BWW Review: BOB: A LIFE IN FIVE ACTS at Azuka Theatre
Grab a glass of the house wine from the bar, sit back, relax, and enjoy Bob: A Life in Five Acts.
The show follows, you guessed it, Bob (Paul Harold), who is a boy born in a White Castle and, according to a fortune cookie, destined for greatness. Through his life, he finds love, meets some characters almost more interesting than he is, and searches for his purpose.
The show, although quirky and a little border-crossing at times, is a true diamond in the rough. There were only about fifteen audience members, but there should have been more. As the production went on, we became a community, laughing together and experiencing Bob's life as if it were our own.
It's a hilarious look at what "achieving greatness" in a life means. It's artfully populated with a cast and production team of young people as a part of Azuka Theatre's "young professionals" series, which gives college students and recent graduates an ability to show their talent on a professional stage. The young energy plays well into Bob and shows how dreams can come true, even in a way that the dreamer may not have originally imagined.
The Chorus plays several different people Bob meets through his life, from a mother to a lover, and an unexpected father to a Bob's butler. No matter the character, each young member of the cast gives every part they play their all, and immediately captures the audience's adoration. Bob is not necessarily the star of his titular story, as every member of the cast performs their best and is funny and loveable while doing it.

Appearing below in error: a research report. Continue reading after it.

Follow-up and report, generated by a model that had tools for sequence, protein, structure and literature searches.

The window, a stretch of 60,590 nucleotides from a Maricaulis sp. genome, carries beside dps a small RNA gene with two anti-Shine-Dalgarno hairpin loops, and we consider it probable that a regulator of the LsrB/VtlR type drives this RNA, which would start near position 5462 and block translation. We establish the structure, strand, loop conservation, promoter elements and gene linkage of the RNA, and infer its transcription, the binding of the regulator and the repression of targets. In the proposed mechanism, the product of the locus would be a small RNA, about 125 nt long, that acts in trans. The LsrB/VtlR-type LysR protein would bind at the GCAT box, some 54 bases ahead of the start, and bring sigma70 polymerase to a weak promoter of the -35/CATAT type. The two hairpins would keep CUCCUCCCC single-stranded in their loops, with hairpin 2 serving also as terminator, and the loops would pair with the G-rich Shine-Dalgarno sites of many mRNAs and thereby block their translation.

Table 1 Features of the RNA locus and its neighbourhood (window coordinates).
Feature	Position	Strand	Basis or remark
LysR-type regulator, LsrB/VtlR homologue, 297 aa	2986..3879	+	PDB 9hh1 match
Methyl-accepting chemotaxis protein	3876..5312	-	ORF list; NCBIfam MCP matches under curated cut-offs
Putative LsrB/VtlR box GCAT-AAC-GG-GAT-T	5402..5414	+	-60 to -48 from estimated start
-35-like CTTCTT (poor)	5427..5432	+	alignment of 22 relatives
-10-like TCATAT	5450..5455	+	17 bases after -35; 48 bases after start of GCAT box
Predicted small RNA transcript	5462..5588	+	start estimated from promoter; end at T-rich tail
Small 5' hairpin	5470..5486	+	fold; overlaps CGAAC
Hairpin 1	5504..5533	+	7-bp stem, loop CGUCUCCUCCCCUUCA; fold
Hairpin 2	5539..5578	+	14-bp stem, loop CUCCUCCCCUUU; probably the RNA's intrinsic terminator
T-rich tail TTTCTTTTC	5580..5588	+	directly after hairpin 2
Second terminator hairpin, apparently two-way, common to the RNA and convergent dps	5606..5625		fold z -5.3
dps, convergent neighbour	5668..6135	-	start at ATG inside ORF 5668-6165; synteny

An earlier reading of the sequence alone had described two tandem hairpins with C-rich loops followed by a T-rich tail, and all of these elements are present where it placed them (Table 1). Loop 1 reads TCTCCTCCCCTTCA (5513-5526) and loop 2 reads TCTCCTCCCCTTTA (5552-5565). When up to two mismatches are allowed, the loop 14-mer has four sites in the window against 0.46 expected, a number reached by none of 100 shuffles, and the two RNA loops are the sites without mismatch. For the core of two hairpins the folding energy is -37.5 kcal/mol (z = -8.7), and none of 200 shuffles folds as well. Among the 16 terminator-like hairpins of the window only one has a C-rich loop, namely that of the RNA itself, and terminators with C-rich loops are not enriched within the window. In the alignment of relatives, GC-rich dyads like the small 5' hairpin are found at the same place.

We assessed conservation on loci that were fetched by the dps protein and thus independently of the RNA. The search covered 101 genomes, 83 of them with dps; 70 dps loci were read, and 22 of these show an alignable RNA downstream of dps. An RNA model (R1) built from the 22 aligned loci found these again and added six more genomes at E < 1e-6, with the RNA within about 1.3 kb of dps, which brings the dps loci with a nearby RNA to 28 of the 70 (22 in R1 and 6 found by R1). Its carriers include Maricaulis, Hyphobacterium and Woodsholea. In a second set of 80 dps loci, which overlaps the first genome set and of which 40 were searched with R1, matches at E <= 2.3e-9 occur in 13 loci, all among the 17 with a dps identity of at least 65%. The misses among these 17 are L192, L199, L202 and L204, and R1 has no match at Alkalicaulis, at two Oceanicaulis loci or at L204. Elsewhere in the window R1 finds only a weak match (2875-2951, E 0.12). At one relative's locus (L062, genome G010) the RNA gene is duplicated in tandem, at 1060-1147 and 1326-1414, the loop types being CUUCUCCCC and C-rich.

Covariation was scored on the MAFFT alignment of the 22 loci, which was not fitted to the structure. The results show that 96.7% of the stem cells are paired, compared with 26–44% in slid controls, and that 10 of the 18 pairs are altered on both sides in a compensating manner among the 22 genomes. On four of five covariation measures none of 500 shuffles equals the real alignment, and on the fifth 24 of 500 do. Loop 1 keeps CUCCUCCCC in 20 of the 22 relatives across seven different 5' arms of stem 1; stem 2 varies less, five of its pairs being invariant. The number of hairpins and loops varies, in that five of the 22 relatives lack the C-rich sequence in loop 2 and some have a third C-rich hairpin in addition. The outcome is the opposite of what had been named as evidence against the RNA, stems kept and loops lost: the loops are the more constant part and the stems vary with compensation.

The sets and costumes, designed by Dustin L. Pettegrew and Gina Colacci, respectively, are beautiful, and never feel as if they've been put together by rookies. The sets and costumes blew me away. They are kitschy but stylist, and filled with nuance that are hints to bits of the script.
Azuka Theatre also has a "go for your dreams" vibe on its own. The company allows audience members to pay what they wish at the end of the show, and attracts theater-goers young and old, while collecting comments with payments after the curtain goes down. This creates a world where students, seasoned Philly theater pros, and the company itself can continue to learn and grow.
Bob: A Life in Five Acts is fun, gripping, and teaching in its two-hour glory. Reserve your tickets as soon as possible to watch these young artists grow on stage and maybe you'll grow with them.
The show runs until March 17, and reservations can be made HERE.